My Baby Had Tongue Tie; How It Was Spotted & My Experience Getting It Snipped
Hello friends, today I am writing a bit of an unusual post for me. I want to share my experience with Mary having tongue tie; how it was spotted, what effect it had on her feeding and what happened during the procedure. It’s a bit of a personal post, so if you don’t agree with it, please keep your thoughts to yourself as it’s not easy writing about experiences like this. I decided to share because it’s the kind of post I wish I had read when Mary was first born as I think it would have helped me a lot…
Also, I’m going to try and put as much information in this post as I can, but I am no expert and I’m just sharing my personal experience! with it OK! Let’s go!
It’s hard to know where to start with this one and it’s all a bit of a blur, but when Mary was first born she had all the initial checks including one for tongue tie and nothing was flagged up as an issue. A few days in, I realised I was really struggling with feeding and I thought (along with a midwife) it was due to my boobs being big and my nipples being small. I reached out to a fellow big-boob breast-feeding mama and asked her advice on positions and any tips she might have and she swiftly replied with ‘ASK THEM TO CHECK FOR TONGUE TIE!’. I told her that they had and I would ask them to check again (which I did) and then she generously sent me photos of her breast feeding her baby and shared her favoured positions of feeding with big boobs. Side note: Reach out to mum friends and ask them advice, it was so helpful and she was so generous with her time and knowledge. It meant a lot.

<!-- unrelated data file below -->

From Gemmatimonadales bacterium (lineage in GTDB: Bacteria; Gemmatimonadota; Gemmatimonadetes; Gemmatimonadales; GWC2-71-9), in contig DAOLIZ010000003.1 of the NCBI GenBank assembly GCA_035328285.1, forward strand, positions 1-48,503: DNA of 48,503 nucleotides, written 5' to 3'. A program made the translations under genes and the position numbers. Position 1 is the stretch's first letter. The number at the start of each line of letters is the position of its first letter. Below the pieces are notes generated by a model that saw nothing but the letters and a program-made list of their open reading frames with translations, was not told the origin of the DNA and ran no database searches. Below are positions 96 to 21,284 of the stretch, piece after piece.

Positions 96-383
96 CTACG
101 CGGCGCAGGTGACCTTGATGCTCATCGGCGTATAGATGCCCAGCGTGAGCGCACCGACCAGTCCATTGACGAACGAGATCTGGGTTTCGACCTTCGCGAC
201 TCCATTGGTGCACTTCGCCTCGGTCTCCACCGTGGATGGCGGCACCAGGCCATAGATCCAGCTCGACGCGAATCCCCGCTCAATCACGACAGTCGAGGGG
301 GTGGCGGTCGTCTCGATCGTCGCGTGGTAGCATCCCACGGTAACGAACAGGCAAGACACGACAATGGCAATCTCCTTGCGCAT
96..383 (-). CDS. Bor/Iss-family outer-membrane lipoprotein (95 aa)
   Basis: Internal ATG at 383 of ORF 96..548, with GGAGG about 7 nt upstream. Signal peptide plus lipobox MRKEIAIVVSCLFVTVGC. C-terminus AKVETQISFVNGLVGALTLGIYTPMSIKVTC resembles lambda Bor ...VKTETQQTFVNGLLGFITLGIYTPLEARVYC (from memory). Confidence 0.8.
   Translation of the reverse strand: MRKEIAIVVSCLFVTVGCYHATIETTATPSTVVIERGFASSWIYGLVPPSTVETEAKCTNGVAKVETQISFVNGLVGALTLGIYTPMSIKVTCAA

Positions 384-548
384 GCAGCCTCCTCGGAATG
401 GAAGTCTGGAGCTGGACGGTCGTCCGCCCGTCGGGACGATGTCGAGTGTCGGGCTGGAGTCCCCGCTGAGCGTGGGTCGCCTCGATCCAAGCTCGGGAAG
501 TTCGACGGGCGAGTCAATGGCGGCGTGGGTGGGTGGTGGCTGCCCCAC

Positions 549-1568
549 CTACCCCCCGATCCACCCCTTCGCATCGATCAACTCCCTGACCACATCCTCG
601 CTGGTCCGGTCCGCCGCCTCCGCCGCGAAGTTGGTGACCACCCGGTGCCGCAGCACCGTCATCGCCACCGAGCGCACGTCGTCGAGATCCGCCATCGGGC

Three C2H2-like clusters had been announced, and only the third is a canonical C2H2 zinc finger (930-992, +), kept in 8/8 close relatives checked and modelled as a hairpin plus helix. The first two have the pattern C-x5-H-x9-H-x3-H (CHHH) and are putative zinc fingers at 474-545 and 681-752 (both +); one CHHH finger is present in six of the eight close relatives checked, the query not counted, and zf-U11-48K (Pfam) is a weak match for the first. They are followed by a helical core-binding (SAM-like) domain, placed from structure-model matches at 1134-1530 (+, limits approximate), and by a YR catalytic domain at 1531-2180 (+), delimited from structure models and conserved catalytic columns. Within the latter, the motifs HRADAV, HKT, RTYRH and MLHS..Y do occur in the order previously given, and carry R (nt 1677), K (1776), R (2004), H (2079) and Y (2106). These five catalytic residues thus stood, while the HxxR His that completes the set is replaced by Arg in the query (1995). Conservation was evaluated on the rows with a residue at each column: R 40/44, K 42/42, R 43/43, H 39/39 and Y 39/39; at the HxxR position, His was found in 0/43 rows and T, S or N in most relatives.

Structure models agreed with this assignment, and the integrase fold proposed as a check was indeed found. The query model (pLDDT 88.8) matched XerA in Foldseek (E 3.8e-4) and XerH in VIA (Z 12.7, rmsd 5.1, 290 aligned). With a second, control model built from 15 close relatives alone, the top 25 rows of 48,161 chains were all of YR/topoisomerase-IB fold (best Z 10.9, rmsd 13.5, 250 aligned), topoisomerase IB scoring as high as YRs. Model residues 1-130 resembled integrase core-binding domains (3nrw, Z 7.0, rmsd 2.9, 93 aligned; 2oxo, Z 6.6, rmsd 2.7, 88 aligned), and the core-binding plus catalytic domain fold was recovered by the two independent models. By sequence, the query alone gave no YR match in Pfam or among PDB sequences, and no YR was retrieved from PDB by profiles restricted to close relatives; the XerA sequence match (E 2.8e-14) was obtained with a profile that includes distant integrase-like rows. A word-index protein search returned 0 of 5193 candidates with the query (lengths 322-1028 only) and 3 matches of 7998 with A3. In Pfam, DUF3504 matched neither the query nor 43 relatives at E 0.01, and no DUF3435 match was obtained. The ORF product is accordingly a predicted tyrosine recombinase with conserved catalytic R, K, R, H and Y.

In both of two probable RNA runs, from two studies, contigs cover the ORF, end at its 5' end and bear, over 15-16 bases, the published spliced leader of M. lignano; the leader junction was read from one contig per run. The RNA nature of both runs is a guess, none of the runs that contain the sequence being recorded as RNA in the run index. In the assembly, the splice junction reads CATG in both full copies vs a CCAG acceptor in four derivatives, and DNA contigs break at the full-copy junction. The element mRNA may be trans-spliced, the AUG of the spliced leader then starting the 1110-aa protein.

The best way to describe her feeding around this time is that she looked like she was doing the actions, but I could feel she wasn’t quite latched on. It also seemed like she would ‘slip’ off quickly and if felt like my nipple was both too big and too small for her mouth and it generally felt like her latch was quite shallow. I’m sure you already know, but the nipple is meant to be at the back of the babies mouth and it felt like mine was right at the front and she couldn’t quite get her mouth in the right place to get the milk out. It’s hard to describe and I’m sure others have different experiences, but that’s how it was for us.
Anyway, over the next few weeks I had multiple appointments with midwives and health visitors and despite the fact that feeding was an issue, tongue tie was rarely discussed as the cause and if it was, it was always in noted that she could stick out her tongue and she didn’t have a heart shaped tongue. Honestly, I blamed myself and my boobs. Feeding is hard, a hell of a lot harder than society tells you. Anyyywayyyy…
When Mary was two months old, we were at a routine check-up. Mary was being weighed and measured, when the midwife asked me about feeding, which was still a struggle. She looked at Mary and said ‘I want to refer you to the tongue tie clinic’. I was honestly shocked, I told her she had been checked multiple times, but she said that she wasn’t convinced and wanted the consultant to see her to confirm. She told me there was different types of tongue tie and whilst she could see she didn’t have a heart shaped tongue and she could stick her tongue out nicely, she wasn’t sure if she could lift her tongue high enough and thought that could be the problem. So she made the referral and we waited patiently.
The appointment was booked for the following month when Mary was three months old. I was told not to feed her for an hour or two before the appointment and to bring her red book and a bottle of breast milk (or formula if you don’t have any breast milk) with me. The appointment was short and started with the consultant asking me a series of questions about feeding and her health in general. And then it was time to look in her mouth…